Cheryl Davis was able to resume her active lifestyle soon after receiving a revolutionary implantable device to repair a serious congenital heart defect. Photo: Bill Pollard
Thanks to Cedars-Sinai and interventional cardiologist Evan Zahn, MD, Cheryl Davis, 48, became the first person in the world to receive a new, implantable device for repairing congenital cardiac defects—without open-heart surgery.
Malformed pulmonary valves like Davis’ are among the most common such anomalies. The condition affects blood flow through the heart and quietly causes significant heart damage that may ultimately result in premature death.
Davis underwent her first open-heart surgery when she was just 9 years old. Although successful, the surgery could not completely fix her pulmonary valve and she was left with a significant leak that required close monitoring.
That didn’t keep her from living an active life as an animation lighting artist and yoga instructor. But about five years ago, she began feeling the effects of her worsening heart condition. She dreaded the thought of another painful, timeconsuming open-heart surgery that would keep her away from her career and hobbies.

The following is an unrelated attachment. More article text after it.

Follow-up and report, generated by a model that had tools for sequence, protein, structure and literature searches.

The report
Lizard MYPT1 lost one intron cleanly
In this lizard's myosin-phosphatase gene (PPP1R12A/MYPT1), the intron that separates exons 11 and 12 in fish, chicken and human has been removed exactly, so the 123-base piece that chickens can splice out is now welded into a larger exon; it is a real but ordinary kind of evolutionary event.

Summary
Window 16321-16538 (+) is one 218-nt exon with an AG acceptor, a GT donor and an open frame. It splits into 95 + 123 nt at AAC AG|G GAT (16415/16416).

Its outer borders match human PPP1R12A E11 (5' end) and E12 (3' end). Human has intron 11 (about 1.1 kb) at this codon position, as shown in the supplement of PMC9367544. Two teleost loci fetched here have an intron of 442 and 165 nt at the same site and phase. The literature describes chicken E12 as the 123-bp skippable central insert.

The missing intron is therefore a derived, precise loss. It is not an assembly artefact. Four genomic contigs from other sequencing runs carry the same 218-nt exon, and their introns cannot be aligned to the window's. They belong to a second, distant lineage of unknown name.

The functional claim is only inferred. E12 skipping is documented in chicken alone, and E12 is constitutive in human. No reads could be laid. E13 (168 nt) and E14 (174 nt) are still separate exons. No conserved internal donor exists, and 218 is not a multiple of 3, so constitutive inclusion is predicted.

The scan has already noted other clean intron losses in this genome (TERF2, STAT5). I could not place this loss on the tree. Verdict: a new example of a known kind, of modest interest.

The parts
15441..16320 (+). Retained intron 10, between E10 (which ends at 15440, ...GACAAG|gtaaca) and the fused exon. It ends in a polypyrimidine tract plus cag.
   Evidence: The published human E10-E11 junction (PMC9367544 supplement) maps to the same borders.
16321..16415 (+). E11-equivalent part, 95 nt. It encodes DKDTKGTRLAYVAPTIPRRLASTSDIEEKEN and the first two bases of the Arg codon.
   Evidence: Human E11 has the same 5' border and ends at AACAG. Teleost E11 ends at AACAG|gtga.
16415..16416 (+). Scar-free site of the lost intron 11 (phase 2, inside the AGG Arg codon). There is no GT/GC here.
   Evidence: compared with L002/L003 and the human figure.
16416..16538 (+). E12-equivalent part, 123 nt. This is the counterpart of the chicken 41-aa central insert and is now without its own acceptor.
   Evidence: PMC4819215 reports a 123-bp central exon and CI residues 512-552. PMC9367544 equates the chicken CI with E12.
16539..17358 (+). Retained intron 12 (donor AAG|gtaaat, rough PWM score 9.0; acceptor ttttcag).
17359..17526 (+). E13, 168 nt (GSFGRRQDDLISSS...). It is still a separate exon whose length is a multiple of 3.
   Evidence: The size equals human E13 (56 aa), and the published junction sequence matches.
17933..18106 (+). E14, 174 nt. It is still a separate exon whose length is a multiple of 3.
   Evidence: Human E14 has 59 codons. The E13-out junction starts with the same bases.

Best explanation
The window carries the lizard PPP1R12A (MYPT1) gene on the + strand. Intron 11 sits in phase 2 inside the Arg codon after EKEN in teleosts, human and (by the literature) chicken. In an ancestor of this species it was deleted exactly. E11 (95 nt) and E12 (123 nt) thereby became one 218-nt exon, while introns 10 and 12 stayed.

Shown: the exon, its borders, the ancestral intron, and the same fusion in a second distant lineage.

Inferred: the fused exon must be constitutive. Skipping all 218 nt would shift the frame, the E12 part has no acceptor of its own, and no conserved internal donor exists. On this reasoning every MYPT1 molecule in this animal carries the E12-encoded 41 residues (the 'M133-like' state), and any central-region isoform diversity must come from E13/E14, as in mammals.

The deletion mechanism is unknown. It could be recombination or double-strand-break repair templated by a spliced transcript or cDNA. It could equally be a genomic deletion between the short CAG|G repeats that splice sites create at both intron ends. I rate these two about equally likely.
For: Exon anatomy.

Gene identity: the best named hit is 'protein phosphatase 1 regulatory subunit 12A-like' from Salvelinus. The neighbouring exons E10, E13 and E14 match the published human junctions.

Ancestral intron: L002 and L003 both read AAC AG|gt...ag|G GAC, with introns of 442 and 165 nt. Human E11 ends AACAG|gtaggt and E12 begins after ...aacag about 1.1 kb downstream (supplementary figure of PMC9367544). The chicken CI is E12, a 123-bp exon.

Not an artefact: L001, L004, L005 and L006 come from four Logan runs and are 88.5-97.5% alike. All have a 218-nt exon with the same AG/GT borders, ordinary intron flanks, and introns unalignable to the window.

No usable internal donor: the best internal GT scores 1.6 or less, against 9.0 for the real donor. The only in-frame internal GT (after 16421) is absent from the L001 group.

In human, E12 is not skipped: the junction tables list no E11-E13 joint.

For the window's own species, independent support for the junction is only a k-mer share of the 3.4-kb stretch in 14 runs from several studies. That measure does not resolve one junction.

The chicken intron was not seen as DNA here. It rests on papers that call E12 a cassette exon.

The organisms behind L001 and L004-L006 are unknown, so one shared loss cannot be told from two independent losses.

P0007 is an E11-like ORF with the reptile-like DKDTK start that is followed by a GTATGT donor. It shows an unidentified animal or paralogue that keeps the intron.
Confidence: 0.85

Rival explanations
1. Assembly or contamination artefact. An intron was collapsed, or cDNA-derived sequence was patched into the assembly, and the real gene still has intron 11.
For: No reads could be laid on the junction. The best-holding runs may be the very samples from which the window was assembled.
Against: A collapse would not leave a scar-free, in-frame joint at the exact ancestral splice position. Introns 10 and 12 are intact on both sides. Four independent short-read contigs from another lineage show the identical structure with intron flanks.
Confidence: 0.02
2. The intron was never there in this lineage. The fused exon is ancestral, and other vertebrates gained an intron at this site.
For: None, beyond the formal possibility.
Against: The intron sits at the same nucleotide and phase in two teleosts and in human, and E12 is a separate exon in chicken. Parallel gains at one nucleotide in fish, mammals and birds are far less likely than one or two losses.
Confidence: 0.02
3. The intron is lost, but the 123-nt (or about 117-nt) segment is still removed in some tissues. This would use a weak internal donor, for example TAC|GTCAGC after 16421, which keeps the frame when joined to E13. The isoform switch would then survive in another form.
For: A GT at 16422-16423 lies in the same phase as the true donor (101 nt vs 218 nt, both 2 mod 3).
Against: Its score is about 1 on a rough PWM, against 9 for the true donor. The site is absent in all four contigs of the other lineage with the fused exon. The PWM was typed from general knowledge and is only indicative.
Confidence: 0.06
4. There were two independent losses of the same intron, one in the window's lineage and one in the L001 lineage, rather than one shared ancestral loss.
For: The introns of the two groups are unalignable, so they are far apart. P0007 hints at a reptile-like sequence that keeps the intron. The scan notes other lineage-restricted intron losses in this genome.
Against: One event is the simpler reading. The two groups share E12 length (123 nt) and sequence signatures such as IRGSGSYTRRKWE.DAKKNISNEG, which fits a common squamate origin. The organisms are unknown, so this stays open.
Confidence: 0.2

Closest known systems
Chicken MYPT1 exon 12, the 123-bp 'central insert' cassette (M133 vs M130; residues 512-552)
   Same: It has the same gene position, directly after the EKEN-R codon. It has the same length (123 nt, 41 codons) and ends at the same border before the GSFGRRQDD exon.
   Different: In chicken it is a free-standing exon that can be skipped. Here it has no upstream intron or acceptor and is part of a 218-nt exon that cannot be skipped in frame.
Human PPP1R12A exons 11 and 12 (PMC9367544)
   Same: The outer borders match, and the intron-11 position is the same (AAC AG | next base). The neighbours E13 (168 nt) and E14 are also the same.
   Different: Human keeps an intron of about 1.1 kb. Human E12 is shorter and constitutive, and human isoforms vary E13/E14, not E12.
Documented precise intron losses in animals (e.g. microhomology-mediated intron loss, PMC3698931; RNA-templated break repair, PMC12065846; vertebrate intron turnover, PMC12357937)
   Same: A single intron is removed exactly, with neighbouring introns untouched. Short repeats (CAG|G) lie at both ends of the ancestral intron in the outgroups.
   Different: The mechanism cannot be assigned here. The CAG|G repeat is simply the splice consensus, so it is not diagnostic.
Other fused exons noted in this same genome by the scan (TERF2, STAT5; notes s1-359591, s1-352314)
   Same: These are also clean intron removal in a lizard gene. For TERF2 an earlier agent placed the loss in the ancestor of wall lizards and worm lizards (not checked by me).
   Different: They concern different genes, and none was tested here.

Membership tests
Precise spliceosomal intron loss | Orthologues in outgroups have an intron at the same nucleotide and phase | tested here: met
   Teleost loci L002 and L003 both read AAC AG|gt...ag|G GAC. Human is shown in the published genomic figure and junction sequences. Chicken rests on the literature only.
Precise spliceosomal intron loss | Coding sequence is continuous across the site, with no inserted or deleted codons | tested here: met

“These patients typically require multiple open-heart surgeries over the course of their lifetimes,” says Zahn, director of the Guerin Family Congenital Heart Program at the Smidt Heart Institute. He had long searched for a solution that might yield better patient results, require fewer repeat surgeries, and get patients home more quickly.
Zahn recently became the first to implant an investigational device into a patient—Davis—in a Food and Drug Administration-approved feasibility trial. Delivered through a small leg incision, the self-expanding, stent-like apparatus conforms to a range of pulmonary artery anatomies.
Davis underwent the 90-minute procedure and went home the next day. “I’m so excited that this treatment option was available to me as part of a clinical trial,” she says. “I’m looking forward to getting back to doing the things I love.”